SPARTANBURG, South Carolina – A robot carries a tray of medications and slowly moves along the hallway of Spartanburg Regional Healthcare System. It responds to certain commands, especially when getting on the elevator.
A reply of "no" prompts the mechanized construct to wait and board another elevator in the operating room section of the hospital that has ambient light, blue rooms and automatic sliding metal doors that make a "pfft" and shunting noise when closed.
A doctor operates on a patient, guiding the da Vinci Surgical System from a separate room, in a setting that is practically soundproof.
It looks like something straight out of a science fiction movie and not the typical hospital that one would expect. No tan walls or doors that are pushed open.
"Take a good look at what the future of operating rooms looks like," Ingo Angermier, president/CEO of Spartanburg Regional Healthcare System, said during a tour of the hospital one day last week.
The futuristic design is due largely to Maquet (Bridgewater, New Jersey), a company that says it has "revolutionized" operating rooms and hospitals through its VARIOP design.
The company was founded in 1838 in Heidelberg, Germany, and has primarily designed more than 2,000 OR facilities in Europe. Spartanburg Regional Healthcare marks the first hospital in the U.S. to undergo this design. Part of the hesitation in having VARIOP setups in this country revolve around cumbersome building codes in the U.S. and inspections.
Here's a rundown of the VARIOP design.
The rooms range between 568 square feet and just above 800 square feet. The walls are made with stainless steel so as to reduce contamination.
"One of the biggest problems hospitals have is when a table strikes the wall and there is chipped paint," Mary Jane Jennings, vice president for perioperative and quality services at Spartanburg Regional, told Medical Device Daily. "That spot needs to be repainted and the room needs to be shut down because you can't have loose particles floating in the air in there. It can contaminate the room."
And when said room is contaminated, downtime in cleaning it can be days and seriously impede the hospital's ability to help patients.
VARIOP further reduces contamination by having panels that are designed without gaps, are easily cleaned and constructed of materials that can be safely used with hospital disinfection fluids and detergents. The wall panels have a closed-cell gasket on all four edges, which bonds with the VARIOP substructure to create a seal between the inside of the theater and the wall cavity.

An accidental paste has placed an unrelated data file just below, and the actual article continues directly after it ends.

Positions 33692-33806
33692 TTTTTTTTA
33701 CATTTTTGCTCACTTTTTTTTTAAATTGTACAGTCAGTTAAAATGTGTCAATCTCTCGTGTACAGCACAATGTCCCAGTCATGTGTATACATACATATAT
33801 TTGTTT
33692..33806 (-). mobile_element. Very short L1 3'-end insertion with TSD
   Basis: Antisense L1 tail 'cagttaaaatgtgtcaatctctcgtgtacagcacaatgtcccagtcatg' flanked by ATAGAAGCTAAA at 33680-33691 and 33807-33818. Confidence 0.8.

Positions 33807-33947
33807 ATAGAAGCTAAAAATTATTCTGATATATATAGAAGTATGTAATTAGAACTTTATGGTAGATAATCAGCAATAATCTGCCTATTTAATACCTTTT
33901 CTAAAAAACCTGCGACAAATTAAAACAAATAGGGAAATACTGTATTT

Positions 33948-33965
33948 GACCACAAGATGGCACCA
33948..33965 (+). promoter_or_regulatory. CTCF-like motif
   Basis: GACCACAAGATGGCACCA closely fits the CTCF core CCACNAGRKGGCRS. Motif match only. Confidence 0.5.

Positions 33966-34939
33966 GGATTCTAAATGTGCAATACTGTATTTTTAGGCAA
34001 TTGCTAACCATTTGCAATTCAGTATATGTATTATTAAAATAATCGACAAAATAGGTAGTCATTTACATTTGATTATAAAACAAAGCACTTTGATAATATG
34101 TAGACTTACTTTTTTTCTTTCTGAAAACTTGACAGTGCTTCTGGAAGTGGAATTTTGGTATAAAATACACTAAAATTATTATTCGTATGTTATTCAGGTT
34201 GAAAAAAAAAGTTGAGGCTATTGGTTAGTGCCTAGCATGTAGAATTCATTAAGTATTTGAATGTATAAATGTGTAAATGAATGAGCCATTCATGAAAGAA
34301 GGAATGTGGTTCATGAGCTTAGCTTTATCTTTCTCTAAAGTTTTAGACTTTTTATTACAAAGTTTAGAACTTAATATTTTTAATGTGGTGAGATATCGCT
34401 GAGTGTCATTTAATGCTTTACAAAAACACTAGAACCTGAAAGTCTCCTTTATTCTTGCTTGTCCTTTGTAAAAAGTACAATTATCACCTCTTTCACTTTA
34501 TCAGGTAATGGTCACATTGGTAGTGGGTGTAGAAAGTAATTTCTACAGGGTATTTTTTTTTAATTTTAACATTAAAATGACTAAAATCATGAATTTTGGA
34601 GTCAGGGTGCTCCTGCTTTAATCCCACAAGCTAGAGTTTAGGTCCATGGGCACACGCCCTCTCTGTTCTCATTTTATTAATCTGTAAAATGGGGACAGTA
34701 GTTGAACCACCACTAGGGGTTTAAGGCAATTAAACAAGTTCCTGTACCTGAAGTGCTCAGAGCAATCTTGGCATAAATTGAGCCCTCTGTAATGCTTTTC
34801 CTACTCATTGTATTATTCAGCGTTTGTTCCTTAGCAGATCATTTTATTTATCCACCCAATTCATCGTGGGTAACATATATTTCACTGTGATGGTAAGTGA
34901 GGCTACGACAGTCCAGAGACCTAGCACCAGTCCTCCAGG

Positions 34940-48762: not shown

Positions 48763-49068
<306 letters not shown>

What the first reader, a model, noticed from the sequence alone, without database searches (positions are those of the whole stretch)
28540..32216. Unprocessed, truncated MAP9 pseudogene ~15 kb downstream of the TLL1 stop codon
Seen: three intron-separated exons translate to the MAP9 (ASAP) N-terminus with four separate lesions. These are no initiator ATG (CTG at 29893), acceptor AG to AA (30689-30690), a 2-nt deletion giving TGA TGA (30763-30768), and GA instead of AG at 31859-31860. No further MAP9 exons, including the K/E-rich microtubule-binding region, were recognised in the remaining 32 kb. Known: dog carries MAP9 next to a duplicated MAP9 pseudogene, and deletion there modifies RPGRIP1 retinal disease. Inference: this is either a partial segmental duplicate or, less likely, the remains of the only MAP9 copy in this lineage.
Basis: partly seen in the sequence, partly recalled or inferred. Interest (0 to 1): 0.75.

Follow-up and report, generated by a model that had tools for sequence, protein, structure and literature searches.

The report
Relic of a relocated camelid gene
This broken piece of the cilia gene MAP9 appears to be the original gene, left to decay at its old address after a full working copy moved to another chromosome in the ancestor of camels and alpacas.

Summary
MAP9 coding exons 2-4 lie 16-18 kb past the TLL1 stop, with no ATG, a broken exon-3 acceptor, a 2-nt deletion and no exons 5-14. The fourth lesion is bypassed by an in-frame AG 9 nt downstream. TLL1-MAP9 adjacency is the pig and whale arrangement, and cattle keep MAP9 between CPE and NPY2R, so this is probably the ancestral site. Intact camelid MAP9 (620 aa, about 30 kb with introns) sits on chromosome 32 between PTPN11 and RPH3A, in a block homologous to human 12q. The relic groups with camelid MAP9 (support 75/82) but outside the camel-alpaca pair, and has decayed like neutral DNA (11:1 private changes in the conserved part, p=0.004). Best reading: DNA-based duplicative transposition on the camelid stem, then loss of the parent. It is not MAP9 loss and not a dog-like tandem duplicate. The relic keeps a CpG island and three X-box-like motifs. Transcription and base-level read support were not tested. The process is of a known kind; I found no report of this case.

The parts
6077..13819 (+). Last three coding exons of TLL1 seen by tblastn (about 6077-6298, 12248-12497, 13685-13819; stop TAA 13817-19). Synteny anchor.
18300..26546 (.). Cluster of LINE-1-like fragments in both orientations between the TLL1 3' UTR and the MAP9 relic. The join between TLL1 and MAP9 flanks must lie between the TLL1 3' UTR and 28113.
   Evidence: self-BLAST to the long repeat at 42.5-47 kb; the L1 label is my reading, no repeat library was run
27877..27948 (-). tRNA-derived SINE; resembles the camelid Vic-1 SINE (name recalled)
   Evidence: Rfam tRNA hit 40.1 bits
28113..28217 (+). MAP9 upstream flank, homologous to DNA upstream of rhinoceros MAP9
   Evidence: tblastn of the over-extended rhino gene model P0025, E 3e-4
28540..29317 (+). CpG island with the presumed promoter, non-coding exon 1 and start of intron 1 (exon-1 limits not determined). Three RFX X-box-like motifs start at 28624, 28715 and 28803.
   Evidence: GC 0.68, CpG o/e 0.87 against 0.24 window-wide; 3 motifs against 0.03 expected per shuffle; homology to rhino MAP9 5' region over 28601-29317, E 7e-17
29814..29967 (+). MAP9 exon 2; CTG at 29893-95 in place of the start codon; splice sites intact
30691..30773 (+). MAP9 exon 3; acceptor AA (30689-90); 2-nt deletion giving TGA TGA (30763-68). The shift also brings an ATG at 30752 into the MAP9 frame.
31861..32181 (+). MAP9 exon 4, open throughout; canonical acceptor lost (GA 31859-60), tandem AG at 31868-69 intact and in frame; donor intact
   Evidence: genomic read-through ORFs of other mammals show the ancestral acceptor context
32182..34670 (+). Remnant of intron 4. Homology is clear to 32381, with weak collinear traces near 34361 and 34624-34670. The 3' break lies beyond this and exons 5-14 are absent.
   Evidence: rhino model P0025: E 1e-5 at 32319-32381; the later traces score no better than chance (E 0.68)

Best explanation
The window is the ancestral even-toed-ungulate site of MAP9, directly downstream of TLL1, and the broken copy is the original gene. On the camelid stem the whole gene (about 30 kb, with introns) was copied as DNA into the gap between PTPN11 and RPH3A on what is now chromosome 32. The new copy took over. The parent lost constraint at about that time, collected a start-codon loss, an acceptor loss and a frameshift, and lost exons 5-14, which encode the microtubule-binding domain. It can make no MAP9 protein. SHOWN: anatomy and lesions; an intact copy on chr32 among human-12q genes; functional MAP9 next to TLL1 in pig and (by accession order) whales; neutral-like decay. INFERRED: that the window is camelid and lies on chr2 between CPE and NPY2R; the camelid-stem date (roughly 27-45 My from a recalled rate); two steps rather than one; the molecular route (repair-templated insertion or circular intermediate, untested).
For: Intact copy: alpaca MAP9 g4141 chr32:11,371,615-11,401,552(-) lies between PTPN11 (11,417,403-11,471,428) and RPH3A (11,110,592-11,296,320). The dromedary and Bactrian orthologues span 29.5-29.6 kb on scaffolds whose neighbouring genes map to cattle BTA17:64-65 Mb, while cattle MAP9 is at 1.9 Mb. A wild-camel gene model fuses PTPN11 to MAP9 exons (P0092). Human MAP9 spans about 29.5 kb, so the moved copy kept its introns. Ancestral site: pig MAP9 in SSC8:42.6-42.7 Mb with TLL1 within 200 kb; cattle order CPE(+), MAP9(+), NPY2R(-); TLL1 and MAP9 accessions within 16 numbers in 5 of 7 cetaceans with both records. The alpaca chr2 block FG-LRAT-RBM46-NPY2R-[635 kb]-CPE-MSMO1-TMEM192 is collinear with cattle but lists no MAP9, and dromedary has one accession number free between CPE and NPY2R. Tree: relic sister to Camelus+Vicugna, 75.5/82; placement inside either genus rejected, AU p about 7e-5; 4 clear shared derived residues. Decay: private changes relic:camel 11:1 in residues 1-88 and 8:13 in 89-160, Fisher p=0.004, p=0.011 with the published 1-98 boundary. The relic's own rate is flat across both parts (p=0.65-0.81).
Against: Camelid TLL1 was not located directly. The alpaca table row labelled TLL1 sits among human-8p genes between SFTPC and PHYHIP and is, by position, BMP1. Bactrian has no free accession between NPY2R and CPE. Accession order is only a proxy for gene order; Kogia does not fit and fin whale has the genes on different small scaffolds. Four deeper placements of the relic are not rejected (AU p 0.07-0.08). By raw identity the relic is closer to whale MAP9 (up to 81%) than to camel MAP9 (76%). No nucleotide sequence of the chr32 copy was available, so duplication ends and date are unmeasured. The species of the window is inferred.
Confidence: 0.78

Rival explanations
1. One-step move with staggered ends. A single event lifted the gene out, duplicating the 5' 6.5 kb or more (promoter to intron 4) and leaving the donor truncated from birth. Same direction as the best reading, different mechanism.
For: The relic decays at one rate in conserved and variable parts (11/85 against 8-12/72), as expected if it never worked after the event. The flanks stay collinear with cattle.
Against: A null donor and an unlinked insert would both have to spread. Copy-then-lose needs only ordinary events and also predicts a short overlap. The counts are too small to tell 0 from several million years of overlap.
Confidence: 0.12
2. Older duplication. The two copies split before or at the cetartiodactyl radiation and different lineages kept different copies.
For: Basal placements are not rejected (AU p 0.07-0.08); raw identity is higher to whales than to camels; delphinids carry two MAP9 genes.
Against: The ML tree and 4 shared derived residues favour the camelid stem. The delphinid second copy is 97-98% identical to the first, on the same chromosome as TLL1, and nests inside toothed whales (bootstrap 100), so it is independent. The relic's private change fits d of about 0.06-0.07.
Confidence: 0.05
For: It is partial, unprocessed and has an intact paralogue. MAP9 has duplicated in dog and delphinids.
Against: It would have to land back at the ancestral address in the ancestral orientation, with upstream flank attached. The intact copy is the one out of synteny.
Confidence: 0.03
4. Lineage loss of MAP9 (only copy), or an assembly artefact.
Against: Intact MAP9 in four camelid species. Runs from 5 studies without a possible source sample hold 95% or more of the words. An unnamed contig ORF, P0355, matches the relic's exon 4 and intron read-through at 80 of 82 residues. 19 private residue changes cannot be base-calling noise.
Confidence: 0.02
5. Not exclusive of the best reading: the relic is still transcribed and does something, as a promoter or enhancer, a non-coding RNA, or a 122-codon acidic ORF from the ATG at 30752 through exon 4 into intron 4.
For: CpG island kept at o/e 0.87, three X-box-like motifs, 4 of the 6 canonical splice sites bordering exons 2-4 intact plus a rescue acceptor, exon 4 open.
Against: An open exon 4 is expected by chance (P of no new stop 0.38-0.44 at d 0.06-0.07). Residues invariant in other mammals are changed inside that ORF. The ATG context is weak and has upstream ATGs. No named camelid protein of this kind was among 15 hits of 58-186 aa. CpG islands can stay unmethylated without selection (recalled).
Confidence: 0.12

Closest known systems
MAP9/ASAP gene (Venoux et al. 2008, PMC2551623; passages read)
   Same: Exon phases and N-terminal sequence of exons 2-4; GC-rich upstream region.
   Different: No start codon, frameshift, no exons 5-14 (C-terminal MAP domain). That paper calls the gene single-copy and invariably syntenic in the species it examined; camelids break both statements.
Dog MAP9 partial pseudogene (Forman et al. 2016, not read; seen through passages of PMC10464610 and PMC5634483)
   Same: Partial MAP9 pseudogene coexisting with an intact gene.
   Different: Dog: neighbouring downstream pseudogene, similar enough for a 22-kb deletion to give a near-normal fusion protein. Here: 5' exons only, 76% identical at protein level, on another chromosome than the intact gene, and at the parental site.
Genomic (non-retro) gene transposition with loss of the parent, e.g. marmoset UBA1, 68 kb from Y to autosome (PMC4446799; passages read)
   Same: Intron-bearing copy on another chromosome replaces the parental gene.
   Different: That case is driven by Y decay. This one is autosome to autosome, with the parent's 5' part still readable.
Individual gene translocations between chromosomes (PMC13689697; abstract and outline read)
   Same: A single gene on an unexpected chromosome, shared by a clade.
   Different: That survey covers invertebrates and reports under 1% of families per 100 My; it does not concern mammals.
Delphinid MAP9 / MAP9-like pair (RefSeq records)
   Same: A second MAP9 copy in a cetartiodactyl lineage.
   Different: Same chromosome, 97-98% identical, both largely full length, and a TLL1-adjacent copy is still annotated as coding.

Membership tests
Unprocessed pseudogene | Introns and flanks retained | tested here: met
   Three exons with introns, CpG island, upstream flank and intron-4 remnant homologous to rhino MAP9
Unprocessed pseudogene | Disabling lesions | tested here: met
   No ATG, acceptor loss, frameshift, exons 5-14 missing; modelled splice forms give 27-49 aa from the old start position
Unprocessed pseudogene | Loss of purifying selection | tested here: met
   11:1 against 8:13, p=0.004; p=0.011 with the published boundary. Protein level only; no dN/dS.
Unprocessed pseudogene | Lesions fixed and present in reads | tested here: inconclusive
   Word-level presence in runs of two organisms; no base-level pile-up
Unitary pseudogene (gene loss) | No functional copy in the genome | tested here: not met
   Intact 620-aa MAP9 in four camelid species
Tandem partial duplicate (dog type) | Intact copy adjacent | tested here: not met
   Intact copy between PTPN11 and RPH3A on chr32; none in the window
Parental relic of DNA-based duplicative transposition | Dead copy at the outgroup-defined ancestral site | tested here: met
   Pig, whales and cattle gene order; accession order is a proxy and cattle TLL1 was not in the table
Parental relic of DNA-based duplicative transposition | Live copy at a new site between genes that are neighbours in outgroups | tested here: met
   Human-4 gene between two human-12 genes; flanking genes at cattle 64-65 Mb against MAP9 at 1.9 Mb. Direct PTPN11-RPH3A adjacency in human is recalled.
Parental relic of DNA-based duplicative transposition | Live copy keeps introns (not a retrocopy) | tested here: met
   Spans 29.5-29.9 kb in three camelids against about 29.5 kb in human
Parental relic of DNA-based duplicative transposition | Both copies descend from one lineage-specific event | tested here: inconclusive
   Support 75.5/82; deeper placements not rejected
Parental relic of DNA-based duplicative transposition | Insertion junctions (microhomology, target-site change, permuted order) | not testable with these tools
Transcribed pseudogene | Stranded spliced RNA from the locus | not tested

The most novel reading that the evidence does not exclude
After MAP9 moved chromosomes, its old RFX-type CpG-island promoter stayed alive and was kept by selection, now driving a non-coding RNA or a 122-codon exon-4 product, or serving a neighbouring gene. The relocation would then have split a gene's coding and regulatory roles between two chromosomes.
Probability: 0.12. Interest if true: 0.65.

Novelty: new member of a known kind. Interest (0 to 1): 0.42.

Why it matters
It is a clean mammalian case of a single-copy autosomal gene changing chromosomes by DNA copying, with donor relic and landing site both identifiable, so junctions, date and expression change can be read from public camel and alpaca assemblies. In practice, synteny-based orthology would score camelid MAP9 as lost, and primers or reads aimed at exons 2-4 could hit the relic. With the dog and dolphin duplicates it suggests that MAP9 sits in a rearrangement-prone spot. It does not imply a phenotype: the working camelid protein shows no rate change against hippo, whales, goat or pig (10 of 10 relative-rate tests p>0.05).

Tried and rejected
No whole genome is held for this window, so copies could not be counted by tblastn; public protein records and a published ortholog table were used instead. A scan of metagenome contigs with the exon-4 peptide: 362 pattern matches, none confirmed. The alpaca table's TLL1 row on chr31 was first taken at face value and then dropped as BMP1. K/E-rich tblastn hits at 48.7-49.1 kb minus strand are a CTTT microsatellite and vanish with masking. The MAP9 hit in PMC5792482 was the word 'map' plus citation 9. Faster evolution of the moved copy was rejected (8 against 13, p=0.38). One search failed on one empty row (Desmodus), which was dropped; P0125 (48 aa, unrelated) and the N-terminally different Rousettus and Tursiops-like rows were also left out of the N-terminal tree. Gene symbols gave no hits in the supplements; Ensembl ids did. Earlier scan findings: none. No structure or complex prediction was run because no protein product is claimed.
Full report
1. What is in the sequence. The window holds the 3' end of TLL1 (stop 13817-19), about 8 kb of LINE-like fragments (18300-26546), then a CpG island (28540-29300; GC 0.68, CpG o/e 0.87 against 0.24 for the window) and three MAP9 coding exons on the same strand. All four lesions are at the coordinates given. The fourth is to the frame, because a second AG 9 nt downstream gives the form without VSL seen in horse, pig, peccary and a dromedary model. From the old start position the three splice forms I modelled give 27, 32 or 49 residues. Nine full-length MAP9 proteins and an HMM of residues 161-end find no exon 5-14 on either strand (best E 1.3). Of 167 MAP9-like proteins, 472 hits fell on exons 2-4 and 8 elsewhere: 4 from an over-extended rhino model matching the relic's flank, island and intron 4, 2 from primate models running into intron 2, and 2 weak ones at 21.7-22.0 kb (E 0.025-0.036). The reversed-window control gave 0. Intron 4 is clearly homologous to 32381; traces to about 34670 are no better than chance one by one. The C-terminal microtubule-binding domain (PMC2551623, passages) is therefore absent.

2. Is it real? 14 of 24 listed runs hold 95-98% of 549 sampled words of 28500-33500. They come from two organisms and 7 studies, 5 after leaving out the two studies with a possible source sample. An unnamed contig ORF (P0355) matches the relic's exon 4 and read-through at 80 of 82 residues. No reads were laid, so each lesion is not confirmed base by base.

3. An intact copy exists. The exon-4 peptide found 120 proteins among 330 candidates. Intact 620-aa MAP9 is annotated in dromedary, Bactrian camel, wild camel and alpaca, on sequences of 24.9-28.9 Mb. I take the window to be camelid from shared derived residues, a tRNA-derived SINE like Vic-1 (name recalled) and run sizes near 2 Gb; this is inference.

"We really plan to track our infection rates now that we have the VARIOP design," said Tom Jennings, former vice president of planning at Spartanburg Regional Medical. "We will also plan to track our turnover rates."
Jennings served on the committee to help design the VARIOP system for the hospital. "Each hospital has its own culture," he said. "Hopefully we can be the model."
VARIOP uses sliding doors that produce much less turbulence than swinging doors, and create a perfect seal when closed. A two-stage door-opening system reduces air movement even further, The doors open halfway for staff access and fully for patient access. According to Maquet, this helps cut back on the amount of germs and "outside influences" that enter the operating room.
The wall system is prefabricated, which means its framework is made up of profiled floor rails, vertical supports and ceiling rails, which can be configured to adapt to both new construction as well as re-modeling projects.
The process of designing the OR started eight years ago and cost a little more than $13.5 million. Construction started nearly a year ago, with 12 VARIOP operating rooms having gone online and an additional five to be completed in the near future.
Maquet said that while this is its first VARIOP installation in the U.S., it definitely won't be the last.